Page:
“He’s got the hood open, and he’s pointing at various parts of the engine, rattling off facts and figures and names, and I can’t possibly keep up or understand anything he’s talking about, but God, is it cute watching him get excited.”
Dawson Kellor. Sigh. Dawson was the leading man in this tale. He’s an actor with an attitude, a smirk, and a cocky demeanor. But he was great. Dawson had more to him that meets the eye, and I enjoyed peeling his layers away like an onion. He had things and a past that he had to come to terms with. With the help of Grey, he was able to overcome his personal demons, while also helping her overcome hers.
“‘Believe in me. Believe in the fact that I love you.’ He grins at me. ‘And believe in the fact that, once we get things a little more settled, I’m going to make you come so many times you won’t be able to walk for days afterward.’ ‘I can already barely walk,’ I admit. ‘I’m sore.’ He just grins. ‘That was just a warm-up, babe. I haven’t begun to shatter your world. You can believe in that.‘”
They were a great match. Although at a glance, you wouldn’t pair them together, from the moment they met you could feel the tension and the chemistry. I was literally holding my breath until all of that tension was addressed. The only thing that slightly irked me was that they really didn’t know each other that well. Eventually, they do get to know each other, but at first it felt like their relationship was purely lust, although they were claiming it wasn’t. So I guess what I’m trying to say is that there was a bit of insta-love. But eventually it balanced out.
“Then as the club music rises to a crescendo, I grasp the lapels of the shirt and rip it open, scattering buttons with a dramatic flourish. My breasts bounce free, and I stand topless in from of a hundred a fifty men. A single tear drips free to mingle with the sweat on my upper lip. I’m officially a stripper.”
I’m going to talk a bit about some things that this novel addresses. The main thing is stripping. Like i mentioned, I didn’t know that it was common for girls to strip their way though college for a living. It really saddened me to find out about this, but it also helped me to be aware of it. I know people have to do what they have to do, and I respect that. It’s not them that I would ever look down upon–it’s those who objectify them. This novel really gave me more of a sense of what it is to be a stripper. These girls and women are not necessarily the sluts and whores that you would naturally associate with the term stripper. Instead, they may b a desperate single mom or college student trying to get by. This novel definitely taught me not to assume things about the reasons people do things. Because sometimes it may be completely different than what you thought.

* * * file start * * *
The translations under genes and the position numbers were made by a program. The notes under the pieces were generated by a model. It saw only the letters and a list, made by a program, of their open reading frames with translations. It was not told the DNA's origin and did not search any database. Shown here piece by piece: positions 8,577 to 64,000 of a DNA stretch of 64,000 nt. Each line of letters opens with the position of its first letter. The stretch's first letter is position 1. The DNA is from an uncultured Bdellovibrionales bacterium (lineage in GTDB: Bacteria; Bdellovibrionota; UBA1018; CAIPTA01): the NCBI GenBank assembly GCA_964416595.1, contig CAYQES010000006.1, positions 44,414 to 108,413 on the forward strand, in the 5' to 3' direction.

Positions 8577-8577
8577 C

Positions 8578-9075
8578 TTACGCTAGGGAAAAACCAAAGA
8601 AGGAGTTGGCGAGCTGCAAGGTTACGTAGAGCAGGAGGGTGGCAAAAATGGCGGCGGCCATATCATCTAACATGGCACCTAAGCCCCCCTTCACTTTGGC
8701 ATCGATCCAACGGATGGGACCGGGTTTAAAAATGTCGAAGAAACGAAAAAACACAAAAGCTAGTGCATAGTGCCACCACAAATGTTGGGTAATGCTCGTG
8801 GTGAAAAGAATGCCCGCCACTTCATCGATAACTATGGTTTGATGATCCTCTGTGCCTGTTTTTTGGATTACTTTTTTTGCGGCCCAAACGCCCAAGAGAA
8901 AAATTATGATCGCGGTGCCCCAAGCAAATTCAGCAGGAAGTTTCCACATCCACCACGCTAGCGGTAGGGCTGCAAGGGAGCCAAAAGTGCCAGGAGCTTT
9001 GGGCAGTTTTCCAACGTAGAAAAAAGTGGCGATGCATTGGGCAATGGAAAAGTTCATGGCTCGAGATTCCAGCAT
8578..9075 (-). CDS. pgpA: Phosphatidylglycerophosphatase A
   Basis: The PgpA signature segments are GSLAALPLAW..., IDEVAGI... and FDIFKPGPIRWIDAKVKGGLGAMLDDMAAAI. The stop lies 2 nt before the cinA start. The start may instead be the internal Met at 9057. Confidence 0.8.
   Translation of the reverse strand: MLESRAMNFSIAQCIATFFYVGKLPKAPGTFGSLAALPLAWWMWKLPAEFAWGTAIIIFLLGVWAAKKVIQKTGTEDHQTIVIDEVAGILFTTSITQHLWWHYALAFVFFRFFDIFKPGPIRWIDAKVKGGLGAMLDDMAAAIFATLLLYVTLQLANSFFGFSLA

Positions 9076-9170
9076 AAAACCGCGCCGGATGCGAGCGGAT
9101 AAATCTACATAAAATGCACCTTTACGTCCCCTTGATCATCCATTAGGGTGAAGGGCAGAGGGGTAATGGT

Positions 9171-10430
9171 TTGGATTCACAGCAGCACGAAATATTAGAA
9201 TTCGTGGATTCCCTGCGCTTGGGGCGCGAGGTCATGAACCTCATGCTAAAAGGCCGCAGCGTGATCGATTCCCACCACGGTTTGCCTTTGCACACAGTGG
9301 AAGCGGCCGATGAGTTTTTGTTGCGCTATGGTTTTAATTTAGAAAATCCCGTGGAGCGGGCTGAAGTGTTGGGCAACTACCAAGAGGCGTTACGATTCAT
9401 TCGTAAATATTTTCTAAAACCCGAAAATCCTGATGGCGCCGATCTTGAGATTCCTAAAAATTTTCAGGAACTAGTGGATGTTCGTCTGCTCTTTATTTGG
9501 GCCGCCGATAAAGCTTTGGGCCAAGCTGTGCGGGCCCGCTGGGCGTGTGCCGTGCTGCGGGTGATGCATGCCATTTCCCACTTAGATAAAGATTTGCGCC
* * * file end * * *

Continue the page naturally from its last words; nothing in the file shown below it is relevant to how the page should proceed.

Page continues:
One other thing that I wan’t to point out about this novel is the pure fluidity with which it was written. I’ve read some pretty amazing books, but this one is definitely one of the best in terms of flow. The writing style and syntax make this book so relatable it’s unreal. The way in which Wilder writes from Grey’s point of view helped me to experience what she was experiencing. It was really easy to put myself in her shoes. Her personality shined through her narration–all of her insecurities, her hopes, her dreams, her feelings–they were clearly evidenced through the way that she narrated the novel.
Stripped was a novel that was better than I was expecting. I was expecting a great, romantic read. I got that and so much more. I got the understanding of desperate people at desperate times. I got the understanding of how it feels to be objectified for baring your body just to pay rent. I learned that your life is what you make it. I gathered so much more from this novel than I was expecting, and that alone made this a truly magnificent read.